Friday morning was the funeral for evangelist Billy Graham, one of the most famous men in the world. Two thousand people attended the invitation-only event. On the guest list were presidents, cardinals, celebrities, and megachurch pastors—an A-list of significant and accomplished people.
Friday morning was the memorial service for Irene Morrison. A couple hundred people attended the event which was held in a little country church a hundred miles from nowhere, and open to anyone who knew and loved her. In the pews were children, farmers, nannies, retirees, and even a blogger—a B-list of normal and unknown people.
Billy Graham played no role in my life, but Irene Morrison was a towering figure. Her son, Paul, was my childhood best friend and from six or seven years of age, Irene affectionately referred to me as her “third son.” I was already the son of a devoted and godly mother, but loved Paul and spent so many hours in his home that it almost was like I merged into his family. I even spent a whole summer with them when my family moved overseas and I just couldn’t handle the culture shock. At many points in life Irene was another trusted, mature, Christian voice who spoke with wisdom, who modeled godliness, and who displayed a great love for Jesus.
Her memorial service, following her sudden and unexpected death, was an occasion of both grief and joy. It was the very best balance of mourning a deep loss while recounting abundant evidences of God’s grace in a life. Her two sons, her husband, and her pastor all paid tribute to her. Afterward, many conversations recounted her influence. And through it all, three themes surfaced again and again.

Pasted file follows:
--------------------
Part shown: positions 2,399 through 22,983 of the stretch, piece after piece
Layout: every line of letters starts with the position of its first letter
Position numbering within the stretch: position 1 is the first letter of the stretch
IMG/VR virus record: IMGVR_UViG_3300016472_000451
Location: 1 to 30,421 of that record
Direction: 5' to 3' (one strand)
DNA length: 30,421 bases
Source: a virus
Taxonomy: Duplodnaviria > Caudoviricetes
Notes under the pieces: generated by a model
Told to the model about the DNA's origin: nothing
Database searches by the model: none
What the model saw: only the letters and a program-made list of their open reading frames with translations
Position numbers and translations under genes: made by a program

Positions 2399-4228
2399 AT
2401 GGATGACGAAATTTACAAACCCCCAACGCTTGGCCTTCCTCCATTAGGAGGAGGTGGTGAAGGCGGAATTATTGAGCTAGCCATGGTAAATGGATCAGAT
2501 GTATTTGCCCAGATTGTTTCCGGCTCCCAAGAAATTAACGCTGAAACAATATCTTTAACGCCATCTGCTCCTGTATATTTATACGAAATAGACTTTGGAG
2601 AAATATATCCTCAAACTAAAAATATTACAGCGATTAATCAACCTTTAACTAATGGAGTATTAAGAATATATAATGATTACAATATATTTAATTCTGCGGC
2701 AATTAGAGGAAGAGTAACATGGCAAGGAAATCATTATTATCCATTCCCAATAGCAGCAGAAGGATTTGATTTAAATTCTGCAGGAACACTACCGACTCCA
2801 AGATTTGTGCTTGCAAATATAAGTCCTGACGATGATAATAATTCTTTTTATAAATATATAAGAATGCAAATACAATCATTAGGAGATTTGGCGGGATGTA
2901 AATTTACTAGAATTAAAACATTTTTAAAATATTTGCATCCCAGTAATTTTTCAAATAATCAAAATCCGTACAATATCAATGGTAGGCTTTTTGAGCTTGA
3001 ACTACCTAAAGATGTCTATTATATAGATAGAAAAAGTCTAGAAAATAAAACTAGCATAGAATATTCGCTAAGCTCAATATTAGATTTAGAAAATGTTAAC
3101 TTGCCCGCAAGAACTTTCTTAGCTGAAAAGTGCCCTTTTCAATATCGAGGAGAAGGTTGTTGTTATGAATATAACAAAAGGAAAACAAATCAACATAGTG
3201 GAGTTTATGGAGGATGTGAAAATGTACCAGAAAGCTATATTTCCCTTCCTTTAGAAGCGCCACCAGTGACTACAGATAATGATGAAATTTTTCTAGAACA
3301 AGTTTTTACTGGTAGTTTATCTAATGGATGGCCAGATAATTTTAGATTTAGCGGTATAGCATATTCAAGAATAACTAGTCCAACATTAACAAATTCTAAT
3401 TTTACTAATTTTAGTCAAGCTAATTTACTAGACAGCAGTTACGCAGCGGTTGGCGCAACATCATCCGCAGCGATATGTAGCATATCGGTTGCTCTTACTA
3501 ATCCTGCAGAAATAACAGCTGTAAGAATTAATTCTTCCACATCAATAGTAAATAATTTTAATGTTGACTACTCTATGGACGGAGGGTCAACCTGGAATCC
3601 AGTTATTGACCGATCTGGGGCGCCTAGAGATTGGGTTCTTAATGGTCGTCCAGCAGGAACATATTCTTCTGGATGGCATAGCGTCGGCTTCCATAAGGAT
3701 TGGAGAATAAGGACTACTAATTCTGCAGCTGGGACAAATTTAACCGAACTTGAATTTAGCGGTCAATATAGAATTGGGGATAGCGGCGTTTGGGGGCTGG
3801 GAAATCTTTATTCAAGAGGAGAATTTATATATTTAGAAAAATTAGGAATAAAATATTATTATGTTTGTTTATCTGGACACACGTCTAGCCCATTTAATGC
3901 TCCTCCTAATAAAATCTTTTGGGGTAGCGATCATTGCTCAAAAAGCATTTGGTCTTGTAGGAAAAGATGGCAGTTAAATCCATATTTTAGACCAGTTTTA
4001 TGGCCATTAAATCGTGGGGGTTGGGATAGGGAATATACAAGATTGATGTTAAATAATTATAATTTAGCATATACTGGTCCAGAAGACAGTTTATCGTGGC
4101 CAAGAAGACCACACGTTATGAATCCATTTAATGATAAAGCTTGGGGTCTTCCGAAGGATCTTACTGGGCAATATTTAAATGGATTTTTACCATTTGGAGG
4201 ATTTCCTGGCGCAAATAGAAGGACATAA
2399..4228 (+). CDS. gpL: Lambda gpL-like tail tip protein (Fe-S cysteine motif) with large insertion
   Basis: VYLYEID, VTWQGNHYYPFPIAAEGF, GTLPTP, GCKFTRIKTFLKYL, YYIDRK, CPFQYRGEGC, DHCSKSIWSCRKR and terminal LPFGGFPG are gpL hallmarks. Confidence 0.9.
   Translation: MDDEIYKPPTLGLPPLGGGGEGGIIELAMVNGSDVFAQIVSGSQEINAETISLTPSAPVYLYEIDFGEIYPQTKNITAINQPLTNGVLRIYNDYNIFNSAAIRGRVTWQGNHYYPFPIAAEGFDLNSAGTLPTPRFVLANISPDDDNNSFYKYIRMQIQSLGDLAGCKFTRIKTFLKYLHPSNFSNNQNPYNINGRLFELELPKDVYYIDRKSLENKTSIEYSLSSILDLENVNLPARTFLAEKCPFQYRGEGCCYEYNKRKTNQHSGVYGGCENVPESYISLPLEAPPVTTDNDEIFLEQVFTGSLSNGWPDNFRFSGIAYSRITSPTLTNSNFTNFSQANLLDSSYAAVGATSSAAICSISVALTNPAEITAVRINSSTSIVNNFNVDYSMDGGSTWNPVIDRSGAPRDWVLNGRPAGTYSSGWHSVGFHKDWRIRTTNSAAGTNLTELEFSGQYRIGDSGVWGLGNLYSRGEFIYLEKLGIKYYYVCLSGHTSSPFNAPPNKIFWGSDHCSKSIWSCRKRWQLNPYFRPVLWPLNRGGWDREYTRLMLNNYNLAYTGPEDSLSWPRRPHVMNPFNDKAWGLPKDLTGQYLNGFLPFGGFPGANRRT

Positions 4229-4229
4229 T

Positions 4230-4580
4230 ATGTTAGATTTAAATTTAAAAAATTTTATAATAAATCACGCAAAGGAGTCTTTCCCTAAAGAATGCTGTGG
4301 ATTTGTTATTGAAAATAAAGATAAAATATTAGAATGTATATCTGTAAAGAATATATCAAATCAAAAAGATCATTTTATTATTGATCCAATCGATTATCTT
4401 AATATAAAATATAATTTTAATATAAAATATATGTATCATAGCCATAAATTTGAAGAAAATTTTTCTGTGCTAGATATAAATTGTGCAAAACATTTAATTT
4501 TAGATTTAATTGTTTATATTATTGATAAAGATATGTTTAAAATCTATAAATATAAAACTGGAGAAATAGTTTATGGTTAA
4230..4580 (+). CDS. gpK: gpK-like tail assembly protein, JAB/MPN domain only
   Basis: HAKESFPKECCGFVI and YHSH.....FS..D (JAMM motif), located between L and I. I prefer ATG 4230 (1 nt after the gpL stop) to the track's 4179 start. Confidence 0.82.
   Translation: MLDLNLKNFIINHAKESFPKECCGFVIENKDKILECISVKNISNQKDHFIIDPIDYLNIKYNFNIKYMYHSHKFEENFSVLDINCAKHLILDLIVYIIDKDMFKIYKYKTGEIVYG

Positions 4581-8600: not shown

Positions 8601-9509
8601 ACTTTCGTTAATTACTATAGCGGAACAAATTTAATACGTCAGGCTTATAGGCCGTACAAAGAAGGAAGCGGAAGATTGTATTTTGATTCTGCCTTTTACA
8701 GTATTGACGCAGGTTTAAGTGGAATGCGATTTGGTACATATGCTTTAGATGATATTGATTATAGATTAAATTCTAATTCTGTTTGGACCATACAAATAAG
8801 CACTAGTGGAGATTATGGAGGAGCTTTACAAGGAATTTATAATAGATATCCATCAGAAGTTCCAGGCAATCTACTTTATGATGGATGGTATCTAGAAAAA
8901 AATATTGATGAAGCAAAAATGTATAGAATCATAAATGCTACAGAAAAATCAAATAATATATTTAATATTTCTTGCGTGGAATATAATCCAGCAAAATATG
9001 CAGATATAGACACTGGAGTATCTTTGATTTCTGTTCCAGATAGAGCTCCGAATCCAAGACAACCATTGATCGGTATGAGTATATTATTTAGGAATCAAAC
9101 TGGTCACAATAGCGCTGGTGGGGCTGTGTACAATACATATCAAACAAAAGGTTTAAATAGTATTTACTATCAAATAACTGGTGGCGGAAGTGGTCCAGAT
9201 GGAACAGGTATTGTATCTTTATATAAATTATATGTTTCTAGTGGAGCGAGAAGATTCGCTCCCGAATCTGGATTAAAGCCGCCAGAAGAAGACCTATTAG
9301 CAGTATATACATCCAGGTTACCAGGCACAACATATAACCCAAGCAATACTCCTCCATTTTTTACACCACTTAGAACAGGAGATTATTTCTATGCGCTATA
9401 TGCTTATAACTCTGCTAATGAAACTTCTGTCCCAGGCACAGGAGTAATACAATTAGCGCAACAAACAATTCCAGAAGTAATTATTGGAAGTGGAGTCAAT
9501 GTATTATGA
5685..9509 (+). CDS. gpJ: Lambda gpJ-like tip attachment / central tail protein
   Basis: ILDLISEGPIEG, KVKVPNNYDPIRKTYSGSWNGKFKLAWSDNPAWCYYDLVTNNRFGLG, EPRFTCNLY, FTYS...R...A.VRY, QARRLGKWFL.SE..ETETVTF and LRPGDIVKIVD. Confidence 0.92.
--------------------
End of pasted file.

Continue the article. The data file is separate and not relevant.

Her love for people, best displayed in a home whose door was wide open. The nights and weeks I spent there as a child were not an exception but a rule and many others were welcomed in before and after me. Irene’s pastor told how she, of all people in the church, was most gifted at welcoming newcomers. But it was not enough to shake a hand and extend a greeting—she would also invite them to her home for a meal. She loved people not only because socializing came easy to her as an extrovert, but because she knew those people were made in God’s image and loved by him. He wondered aloud who in their church would now take up that crucial role.
Her love for Jesus, best displayed in her evangelism. She had been saved in a little Gospel Hall in the U.K. where she had quickly been taught to share the gospel. And she did. She shared it with hundreds of people, most of whom she encountered through their local church or neighborhood. When they lived next to a retirement community she began a Bible study for seniors (whom she always referred to as “my seniors”), and saw many of them come to Christ. When they lived near a wealthy community that employed Filipino nannies, she befriended the people so many others overlooked and saw many of them come to Christ. And so many others.
Her love for the Bible, best displayed in a simple question the pastor asked (and which I considered perhaps the highlight of the morning): “How many people here studied the Bible with Irene?” I couldn’t see the whole room at a glance, but there must have been 50 or 60 hands raised in the air, including my own. I don’t know that there was any time in her adult life when she wasn’t involved in multiple Bible studies. Because she loved God she loved God’s Word and had great confidence in its power. There are three Bibles from my childhood I remember with great clarity, and they were owned by the three most significant women from those years: My mother, my aunt Liz, and Irene. All three had Bibles that were beat up and broken and taped back together because they had been read and studied again and again and again. All three of these women shaped me by the Word because they were women of the Word.
Friday was a day that marked two funerals—Billy Graham and Irene Morrison. We gain little benefit from comparing one Christian with another, for God has crafted and gifted us so differently. To some he has given much and to some he has given little. What matters before God is not how much we have been given, but what we do with it. Irene was never given a national platform or a stage from which to preach to millions. She lived in relative obscurity, just like the vast majority of us. She committed her life to her husband and two boys, then to the boys and girls and men and women whom the Lord led into her life. And in what God gave her and what God called her to she was utterly faithful. What a joy it was to hear her husband and sons and daughters-in-law and so many others say, in essence, “Many women have done excellently, but you surpass them all.”